The latest World Agriculture Supply and Demand Estimates (WASDE) Report from the U.S. Department of Agriculture (USDA) shows COVID-19 impacting demand for agricultural commodities.
Decreased ethanol demand is changing the 2020 outlook for corn, according to American Farm Bureau Federation (AFBF) Economist Shelby Myers.
“For the current marketing year, USDA estimated a month-to-month decrease of 100 million bushels of ethanol corn use compared to the April WASDE. But, since March when COVID-19 impacts were beginning, overall corn ethanol use has decreased 475 million bushels,” she said. “USDA estimates ending stocks for this marketing year to rise above 2 billion bushels, and prior to COVID-19, ending stocks were projected to be 1.7 billion bushels.”
Myers noted cotton continues to struggle amid the pandemic and needs a better export market this year.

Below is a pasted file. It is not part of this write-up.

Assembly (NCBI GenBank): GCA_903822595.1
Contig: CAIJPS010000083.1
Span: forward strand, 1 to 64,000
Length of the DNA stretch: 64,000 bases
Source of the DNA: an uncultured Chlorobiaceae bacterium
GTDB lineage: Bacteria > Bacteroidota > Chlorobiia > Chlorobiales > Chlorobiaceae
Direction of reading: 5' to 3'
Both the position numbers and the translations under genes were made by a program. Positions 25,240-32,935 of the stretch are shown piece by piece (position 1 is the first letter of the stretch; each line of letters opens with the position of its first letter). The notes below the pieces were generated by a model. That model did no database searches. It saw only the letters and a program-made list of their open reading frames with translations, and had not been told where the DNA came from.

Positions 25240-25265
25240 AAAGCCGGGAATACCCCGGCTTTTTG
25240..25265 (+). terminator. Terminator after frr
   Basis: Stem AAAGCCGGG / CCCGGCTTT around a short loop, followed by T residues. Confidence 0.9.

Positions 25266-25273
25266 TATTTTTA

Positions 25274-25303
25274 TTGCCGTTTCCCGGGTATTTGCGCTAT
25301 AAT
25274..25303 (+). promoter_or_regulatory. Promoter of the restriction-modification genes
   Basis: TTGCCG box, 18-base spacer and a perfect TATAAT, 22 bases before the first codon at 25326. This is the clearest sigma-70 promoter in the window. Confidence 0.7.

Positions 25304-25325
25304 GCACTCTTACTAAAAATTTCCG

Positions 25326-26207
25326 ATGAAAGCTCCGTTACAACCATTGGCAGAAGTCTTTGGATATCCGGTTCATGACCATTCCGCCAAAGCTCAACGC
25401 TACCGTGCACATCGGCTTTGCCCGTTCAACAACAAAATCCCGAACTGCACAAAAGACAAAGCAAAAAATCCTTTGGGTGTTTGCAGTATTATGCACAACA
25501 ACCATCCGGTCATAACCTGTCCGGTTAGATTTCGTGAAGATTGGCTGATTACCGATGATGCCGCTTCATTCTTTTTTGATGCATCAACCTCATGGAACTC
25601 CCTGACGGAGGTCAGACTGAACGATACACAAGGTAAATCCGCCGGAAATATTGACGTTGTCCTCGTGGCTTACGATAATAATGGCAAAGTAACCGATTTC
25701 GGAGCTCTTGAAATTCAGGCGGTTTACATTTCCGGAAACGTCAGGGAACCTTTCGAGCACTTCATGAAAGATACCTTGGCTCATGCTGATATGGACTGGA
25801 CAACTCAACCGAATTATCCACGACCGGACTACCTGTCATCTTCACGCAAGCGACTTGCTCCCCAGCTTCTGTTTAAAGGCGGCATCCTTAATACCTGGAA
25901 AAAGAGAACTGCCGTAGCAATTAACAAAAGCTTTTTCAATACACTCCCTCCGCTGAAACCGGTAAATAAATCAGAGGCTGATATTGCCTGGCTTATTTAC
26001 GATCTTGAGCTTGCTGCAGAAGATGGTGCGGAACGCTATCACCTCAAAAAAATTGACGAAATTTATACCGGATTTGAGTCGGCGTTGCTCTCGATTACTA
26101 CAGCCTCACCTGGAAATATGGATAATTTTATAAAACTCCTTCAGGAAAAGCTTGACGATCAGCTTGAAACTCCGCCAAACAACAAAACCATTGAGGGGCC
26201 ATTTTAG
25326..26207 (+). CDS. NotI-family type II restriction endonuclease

“For the new marketing year, cotton planting expectations mirror last year at 13.7 million acres at almost just as much production, but estimates of 46 percent more cotton carryover from this year to next is going to burden supply,” Myers said. “Cotton really needs the export market to pick up and USDA estimates reflect a 6 percent increase in exports for this upcoming marketing year.”
USDA also made changes to the outlook for soybeans and wheat.
“USDA estimates soybean production will rebound this year, along with even better news of soybean exports for the new crop, up 22 percent from 2019,” Myers said. “For wheat, it had a meek outlook earlier this year, but COVID-19 consumer trends have given a small bump to wheat food use. That was unexpected and can hopefully continue to lower the stock to use ratio below 40 percent.”